Is Amazon a monopoly? Judge for yourself by reading “Amazon Brand Control.”

Amazon Brand Control

The Rupert Murdoch “real news” outfit published “Amazon Seeks More Brand Control.” DarkCyber thought the story left an important point unstated; for example, monopolies exercise their power directly and by fiat. The “real news” outfit reported:

The program — which allows brand rights to be bought for a fixed price on 60 days’; notice—… is part of a push by Amazon to obtain a stable of exclusive brands for the platform.

What happens if a “brand” does not want to play ball? Well, there’s eBay, driving for Uber, or an Amazon warehouse job. You can read the write up for free if you can find the dead tree version of the Murdoch property for Friday, July 19, 2019, B-1. If not, you can click here but you may have to pay. “Cutting out the middleman” is a nice way of saying, “My way or the highway.” A rose by any other name is still a  — Prime day rose?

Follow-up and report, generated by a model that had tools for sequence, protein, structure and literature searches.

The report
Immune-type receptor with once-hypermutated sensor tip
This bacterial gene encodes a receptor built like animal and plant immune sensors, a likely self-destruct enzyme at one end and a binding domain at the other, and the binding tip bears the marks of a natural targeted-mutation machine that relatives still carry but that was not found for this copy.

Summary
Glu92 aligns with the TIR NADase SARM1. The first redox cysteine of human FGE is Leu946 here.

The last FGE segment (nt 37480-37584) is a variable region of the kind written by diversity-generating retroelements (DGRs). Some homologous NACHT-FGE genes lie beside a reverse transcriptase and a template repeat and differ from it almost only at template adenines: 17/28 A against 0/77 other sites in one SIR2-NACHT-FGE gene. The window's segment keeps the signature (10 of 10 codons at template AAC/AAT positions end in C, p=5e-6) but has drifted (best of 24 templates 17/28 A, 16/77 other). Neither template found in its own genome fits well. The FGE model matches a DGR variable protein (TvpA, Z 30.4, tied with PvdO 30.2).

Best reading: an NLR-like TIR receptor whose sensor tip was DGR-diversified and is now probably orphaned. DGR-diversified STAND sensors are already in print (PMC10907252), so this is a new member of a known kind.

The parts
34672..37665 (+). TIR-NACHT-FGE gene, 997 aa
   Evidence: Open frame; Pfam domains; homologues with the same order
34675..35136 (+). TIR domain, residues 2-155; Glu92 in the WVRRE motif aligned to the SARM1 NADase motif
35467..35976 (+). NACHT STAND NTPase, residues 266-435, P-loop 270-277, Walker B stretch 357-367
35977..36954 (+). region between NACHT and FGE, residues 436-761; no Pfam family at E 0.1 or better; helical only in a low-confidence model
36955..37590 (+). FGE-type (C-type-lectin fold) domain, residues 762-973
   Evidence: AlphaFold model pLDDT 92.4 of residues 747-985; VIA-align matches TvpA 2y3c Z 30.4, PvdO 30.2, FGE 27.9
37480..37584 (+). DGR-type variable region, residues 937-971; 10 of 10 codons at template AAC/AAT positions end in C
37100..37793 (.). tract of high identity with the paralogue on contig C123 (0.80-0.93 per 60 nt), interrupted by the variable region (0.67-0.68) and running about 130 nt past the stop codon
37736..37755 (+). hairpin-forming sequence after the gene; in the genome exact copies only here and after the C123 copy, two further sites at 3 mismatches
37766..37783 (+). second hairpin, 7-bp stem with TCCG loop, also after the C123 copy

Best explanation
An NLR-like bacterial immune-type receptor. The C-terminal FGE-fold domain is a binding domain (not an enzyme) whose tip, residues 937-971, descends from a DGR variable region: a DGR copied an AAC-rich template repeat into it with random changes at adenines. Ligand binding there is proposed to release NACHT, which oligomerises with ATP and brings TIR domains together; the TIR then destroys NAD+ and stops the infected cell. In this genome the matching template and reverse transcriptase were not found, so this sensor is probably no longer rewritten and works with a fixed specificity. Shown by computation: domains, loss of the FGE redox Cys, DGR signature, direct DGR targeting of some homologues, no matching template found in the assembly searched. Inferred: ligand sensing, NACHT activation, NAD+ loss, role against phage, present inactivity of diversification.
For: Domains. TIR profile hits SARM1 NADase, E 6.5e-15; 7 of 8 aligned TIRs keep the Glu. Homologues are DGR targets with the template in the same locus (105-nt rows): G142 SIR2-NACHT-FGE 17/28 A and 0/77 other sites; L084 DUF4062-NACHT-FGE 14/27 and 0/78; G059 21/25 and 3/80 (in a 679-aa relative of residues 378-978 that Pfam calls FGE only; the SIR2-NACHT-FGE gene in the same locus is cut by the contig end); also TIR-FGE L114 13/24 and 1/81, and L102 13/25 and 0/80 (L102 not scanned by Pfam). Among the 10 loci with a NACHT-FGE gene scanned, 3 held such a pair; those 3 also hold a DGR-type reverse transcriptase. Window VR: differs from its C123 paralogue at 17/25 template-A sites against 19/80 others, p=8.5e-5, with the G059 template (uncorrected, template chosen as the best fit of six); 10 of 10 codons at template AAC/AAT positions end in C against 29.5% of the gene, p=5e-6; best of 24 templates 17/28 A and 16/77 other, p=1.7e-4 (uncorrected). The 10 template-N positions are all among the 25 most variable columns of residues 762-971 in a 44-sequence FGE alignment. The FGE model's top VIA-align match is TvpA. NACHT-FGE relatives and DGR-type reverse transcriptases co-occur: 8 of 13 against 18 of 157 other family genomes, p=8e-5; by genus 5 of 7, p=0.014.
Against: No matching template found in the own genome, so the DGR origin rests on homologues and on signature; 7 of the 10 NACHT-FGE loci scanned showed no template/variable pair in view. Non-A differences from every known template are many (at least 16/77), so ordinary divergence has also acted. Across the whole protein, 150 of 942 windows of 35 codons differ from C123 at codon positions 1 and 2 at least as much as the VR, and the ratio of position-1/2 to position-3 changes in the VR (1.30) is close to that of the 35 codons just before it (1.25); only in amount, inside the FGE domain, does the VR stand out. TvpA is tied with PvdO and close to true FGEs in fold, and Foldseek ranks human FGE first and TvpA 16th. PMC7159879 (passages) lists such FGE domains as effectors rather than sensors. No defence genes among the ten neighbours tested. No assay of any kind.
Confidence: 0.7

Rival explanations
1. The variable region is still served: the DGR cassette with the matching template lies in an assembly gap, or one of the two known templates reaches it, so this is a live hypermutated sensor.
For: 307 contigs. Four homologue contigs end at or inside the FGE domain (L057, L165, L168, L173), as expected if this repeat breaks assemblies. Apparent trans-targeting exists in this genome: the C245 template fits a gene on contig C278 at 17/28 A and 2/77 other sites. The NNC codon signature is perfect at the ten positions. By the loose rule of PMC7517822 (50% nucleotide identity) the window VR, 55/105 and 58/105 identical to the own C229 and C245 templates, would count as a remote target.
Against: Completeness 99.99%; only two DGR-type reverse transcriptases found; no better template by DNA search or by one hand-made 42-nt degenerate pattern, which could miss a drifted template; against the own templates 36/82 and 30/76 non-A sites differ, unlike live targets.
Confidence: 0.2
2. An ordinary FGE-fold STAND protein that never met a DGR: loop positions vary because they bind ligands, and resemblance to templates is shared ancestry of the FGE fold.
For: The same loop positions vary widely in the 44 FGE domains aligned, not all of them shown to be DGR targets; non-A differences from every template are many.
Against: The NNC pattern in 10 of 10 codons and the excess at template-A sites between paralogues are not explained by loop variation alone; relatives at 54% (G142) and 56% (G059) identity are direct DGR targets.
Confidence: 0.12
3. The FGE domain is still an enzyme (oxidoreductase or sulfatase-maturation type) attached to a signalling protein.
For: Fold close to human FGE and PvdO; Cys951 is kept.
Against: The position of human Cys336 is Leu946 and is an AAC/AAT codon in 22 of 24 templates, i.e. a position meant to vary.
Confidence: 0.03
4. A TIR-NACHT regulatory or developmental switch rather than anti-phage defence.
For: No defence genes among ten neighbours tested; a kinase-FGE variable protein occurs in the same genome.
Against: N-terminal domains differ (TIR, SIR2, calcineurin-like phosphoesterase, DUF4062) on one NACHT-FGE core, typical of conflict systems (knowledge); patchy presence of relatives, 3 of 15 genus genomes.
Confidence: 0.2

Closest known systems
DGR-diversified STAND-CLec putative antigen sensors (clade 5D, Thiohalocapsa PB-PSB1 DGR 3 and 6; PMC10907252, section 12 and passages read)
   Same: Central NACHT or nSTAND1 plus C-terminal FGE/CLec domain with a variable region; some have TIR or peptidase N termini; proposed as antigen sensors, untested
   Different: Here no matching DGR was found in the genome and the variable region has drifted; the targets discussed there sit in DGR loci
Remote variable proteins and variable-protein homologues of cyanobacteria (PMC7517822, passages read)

Bloomberg Identifies Amazon’s Most Serious Research Project

Bloomberg’s judgment can be measured against its reports of spy chips on motherboards. Now the company has turned its attention to Amazon’s research projects. Forget the policeware and intelware activities. The rubber hits the door mat with Amazon’s retail store experiments. You can get the Bloomberg analysis of Amazon’s “most ambitious research project” in this July 18, 2019, essay/analysis. Note that you may have to pay for this insight. The write up states:

Will all this work be worth it? Some Go stores seem almost deserted except for the lunchtime rush. Employees familiar with Amazon’s internal projections say the outlets in Chicago, in particular, are falling short of expectations, and the company has had to resort to raffles and giveaways of tote bags and other branded goodies. Yet, as the turbulent history of the project suggests, the Go store isn’t so much the culmination of the company’s efforts but something closer to an ongoing experiment.

Plus, there’s a picture:


DarkCyber heard that in one Go store, humans were added because theft was an issue.

Amazon Police Map

Here’s The Most Complete Map So Far Of Amazon’s Ring Camera Surveillance Partnerships With Local Police” looks like this: